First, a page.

Monday, October 9, 2006

Korean Names 101

Korean names differ from what most people are used to. Instead of using given name and then family name, Koreans express their names as family name and then given name. Why, I'm not exactly sure. I believe it has something to do with the Confucius ethos. The family is more important than the individual. Just as addresses are written from general to specific, i.e. Starting with province, then city, urban area, neighborhood, building, and finally apartment.

Most Koreans outside of Korea adapt their name to the western convention, but a few keep the Korean style. One example would be Kim Jong-Il. He's not Mr. Il, but rather Mr. Kim. His given name is Jong-Il. For the soccer fans out there, you may know Manchester United midfielder Park Ji-Sung. He's not Mr. Sung, but Mr. Park.

Korean names usually have a specific format. But first, a brief explanation of Korean. Korean letters are arranged into patterns that resemble characters. In fact, these characters are composed of a quite limited set of letters. Each "character" represents one syllable. And that brings us back to Korean names. Family names are almost always one character. Kim, Lee, and Park being the most popular. In fact these three last names represent almost half of all Koreans. Within each family name, there are various clans. So people with the same name are only considered related if they are from the same clan. In fact, it was considered taboo to marry anyone within your own clan, no matter how distantly related. Although I've heard that restriction is being lessened. Everyone from the clan (or maybe it's just males) is entered into their family registry. Thus researching your ancestory is quite easy. Many of the clans can trace their ancestors back to the 1300s or earlier.

Next we have the given names. The given names are usually two characters or syllables, although I do have one student with just a one syllable given name. Some families still use a generational name, which is one syllable used with all children of that generation. For example, I have a brother and sister named Jin-Young and Ha-Young. But based upon my limited experience with my students, that isn't very frequent.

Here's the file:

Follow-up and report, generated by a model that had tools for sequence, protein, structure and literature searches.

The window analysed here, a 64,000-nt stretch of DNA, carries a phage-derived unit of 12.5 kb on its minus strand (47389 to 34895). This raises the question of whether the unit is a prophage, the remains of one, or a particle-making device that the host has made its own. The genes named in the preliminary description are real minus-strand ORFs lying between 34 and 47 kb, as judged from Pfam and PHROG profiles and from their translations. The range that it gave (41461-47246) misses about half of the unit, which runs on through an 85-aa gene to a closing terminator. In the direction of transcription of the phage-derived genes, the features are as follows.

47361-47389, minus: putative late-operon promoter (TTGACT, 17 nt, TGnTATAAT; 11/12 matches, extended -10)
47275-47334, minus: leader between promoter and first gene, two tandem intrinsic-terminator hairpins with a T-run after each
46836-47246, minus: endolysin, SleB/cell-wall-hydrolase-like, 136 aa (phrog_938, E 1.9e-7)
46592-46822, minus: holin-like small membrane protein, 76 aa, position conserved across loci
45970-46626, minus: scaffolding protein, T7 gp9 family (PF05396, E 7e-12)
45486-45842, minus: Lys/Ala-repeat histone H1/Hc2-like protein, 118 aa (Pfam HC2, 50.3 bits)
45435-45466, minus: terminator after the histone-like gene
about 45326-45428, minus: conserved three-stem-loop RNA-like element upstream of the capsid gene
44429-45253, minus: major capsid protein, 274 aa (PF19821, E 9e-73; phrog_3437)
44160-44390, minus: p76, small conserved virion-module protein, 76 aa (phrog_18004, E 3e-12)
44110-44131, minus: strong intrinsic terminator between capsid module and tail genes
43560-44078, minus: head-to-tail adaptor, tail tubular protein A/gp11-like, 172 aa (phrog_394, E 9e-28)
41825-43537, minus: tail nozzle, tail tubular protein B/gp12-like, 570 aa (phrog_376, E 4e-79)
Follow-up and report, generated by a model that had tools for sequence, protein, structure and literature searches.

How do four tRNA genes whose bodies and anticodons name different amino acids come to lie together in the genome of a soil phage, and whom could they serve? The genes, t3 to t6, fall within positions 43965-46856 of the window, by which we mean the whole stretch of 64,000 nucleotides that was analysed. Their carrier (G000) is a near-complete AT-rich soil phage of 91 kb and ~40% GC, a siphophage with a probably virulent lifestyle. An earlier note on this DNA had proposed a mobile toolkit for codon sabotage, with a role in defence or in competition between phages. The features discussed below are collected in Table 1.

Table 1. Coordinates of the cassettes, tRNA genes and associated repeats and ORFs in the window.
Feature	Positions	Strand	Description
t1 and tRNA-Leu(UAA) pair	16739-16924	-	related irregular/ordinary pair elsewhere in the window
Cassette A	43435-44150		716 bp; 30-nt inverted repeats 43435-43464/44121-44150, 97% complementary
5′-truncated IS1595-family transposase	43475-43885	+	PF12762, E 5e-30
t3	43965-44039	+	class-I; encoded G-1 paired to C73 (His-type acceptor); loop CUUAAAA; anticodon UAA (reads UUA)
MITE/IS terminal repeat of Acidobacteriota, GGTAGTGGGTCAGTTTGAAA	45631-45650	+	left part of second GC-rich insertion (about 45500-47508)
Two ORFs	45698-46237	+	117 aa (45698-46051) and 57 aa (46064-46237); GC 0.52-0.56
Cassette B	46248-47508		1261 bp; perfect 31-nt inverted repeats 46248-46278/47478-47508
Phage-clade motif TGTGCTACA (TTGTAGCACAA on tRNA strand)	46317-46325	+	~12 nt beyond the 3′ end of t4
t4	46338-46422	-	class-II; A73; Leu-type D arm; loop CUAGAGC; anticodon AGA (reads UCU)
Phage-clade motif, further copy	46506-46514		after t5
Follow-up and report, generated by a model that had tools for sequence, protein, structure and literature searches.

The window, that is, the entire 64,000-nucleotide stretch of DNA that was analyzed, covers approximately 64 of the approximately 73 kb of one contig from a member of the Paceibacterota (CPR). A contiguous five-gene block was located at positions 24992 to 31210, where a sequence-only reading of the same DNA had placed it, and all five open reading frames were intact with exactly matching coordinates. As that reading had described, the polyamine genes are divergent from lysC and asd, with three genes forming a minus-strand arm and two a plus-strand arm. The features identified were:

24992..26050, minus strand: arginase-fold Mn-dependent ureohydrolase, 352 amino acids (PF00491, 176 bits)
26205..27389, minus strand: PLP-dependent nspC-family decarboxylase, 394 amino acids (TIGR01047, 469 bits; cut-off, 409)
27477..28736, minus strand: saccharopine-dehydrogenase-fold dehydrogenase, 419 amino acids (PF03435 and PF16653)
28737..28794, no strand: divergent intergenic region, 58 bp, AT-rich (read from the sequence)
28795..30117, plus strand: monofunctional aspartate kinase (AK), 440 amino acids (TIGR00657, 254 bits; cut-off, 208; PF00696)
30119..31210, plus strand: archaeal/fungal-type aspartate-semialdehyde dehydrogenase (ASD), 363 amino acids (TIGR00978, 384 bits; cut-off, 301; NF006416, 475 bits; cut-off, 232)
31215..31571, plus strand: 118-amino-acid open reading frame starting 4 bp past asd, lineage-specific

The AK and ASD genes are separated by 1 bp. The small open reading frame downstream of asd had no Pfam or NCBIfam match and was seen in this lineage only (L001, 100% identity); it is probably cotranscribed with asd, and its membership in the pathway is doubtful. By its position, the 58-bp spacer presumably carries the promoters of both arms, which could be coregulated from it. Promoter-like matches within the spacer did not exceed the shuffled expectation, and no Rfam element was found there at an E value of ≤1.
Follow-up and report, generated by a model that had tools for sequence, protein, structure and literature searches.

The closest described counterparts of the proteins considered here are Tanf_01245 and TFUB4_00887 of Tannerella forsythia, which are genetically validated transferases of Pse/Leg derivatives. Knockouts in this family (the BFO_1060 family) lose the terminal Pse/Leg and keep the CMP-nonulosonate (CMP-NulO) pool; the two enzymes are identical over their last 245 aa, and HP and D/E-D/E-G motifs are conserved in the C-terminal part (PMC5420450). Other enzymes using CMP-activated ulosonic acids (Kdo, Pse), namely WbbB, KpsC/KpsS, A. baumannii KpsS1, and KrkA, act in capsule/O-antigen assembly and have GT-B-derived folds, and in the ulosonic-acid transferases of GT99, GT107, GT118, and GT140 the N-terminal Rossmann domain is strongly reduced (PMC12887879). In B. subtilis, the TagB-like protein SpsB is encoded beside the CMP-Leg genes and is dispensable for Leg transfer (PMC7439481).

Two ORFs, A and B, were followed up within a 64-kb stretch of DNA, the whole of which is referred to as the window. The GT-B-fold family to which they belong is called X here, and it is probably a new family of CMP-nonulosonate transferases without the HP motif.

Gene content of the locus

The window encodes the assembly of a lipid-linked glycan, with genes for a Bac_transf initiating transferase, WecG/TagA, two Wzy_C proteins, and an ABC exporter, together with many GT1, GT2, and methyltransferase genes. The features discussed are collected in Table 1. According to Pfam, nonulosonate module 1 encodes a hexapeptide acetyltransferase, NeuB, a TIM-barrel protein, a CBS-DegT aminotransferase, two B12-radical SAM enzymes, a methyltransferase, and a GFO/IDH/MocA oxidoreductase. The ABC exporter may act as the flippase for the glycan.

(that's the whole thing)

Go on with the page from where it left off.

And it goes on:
The greatest complication is the preponderance of similar names. The Kim, Lee, and Park problem is just the beginning. For some reason, almost everyone has one 'S' or 'J' syllable in their given name. Among 30 or so students and staff at my school, I can only count a handful without a 'S' or 'J' syllable. Permutations of 'S' syllables include Soo, So, Seo, Seh, Seul, Sun, Sung, Seung, and Sang. Among the 'J's, we have Jun, Joon, Jin, Ji, Jung, and Jae. Unfortunately, we don't give our kids Western names, so I'm constantly calling them by the wrong name or spelling their name wrong. And of course, they get upset when I misspell Seo as So.

One final point is the romanization of Korean names. Since Korean sounds don't exactly match English sounds, there is some debate as to how to romanize Korean. For example, the letter ㄱ (I'm not sure if Korean characters will show up on your computer or not) is pronounced somewhere between a hard 'g' and 'k'. In part, depending on where in the word it lies. So the name 김, which is almost always written as Kim, is closer to Gim. The name 박, or Park, should be written as Bak. And finally, 이, or Lee, is actually just a long e sound. So people with the same Korean name can romanize their names differently.

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